The Unassuming Grave Of an Iowa Legend
If you're from the Midwest, certainly if you're an Iowa native, you know the name Grant Wood. He is among the most famous Iowans in the history of our state. His painting American Gothic is among the most famous pieces of art in modern history. Despite his amazing works of art, including the above piece called Stone City, his celebrity is rarely hailed outside of the state he lived in.
Grant Wood was born in rural Anamosa in 1891. The family moved to Cedar Rapids after the death of his father. He attended Cedar Rapids Washington High School and eventually attended the University of Iowa in Iowa City. Wood also made numerous trips to France to study art before settling back in Iowa. He helped found the Stone City Art Colony to help artists survive the Great Depression. Although Grant Wood is best known for his paintings, he worked in many other art fields including ink, charcoal, ceramics, metal, and wood.
Wood died of pancreatic cancer just shy of his 51st birthday. His works are celebrated around the word, but are held in especially high regard in the region in which many of his paintings depict. Rural Iowa. Jones County to be more specific. Wood is buried at Riverside Cemetery in Anamosa. You'd expect a world famous artist to have a grander final resting place, but you'd be wrong.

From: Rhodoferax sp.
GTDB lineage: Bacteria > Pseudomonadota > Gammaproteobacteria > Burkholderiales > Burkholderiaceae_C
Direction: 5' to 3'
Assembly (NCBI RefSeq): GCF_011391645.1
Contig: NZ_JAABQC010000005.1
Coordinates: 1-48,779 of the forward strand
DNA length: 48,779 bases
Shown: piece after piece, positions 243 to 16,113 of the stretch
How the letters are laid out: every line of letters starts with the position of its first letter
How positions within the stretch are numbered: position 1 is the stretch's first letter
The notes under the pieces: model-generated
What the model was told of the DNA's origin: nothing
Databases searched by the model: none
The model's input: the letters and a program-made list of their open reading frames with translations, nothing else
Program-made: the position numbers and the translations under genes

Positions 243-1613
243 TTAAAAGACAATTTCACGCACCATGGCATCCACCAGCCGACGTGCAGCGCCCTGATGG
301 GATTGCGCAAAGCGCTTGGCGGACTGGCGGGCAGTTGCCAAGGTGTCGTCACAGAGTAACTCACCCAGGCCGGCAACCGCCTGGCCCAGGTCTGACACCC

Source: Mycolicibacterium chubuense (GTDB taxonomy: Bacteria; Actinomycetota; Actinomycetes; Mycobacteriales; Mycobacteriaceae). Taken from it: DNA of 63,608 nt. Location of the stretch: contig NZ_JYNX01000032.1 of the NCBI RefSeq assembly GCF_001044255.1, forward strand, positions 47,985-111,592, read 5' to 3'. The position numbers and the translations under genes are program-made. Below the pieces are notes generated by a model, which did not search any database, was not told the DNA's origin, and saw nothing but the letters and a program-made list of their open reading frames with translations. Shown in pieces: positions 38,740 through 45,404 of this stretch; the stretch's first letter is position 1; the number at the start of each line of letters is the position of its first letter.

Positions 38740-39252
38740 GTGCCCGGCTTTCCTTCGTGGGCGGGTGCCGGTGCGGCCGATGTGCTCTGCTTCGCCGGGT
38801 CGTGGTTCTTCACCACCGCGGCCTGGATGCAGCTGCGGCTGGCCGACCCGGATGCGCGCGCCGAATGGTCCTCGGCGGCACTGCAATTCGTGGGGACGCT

As you wind your way through the cemetery, you'll eventually find three steps. They feature the name Grant Wood and his year of birth and death. You then take those three steps up to his final resting place, and a simple marker.
Wood served in World War I, thus the gold star and American flag. But other than that, this simple artist from Iowa has a simple headstone. No fancy tomb or elaborate engravings. The next time you pass through Anamosa, take a few minutes and pay your respects to one of Iowa's most famous residents. It's just three little steps.
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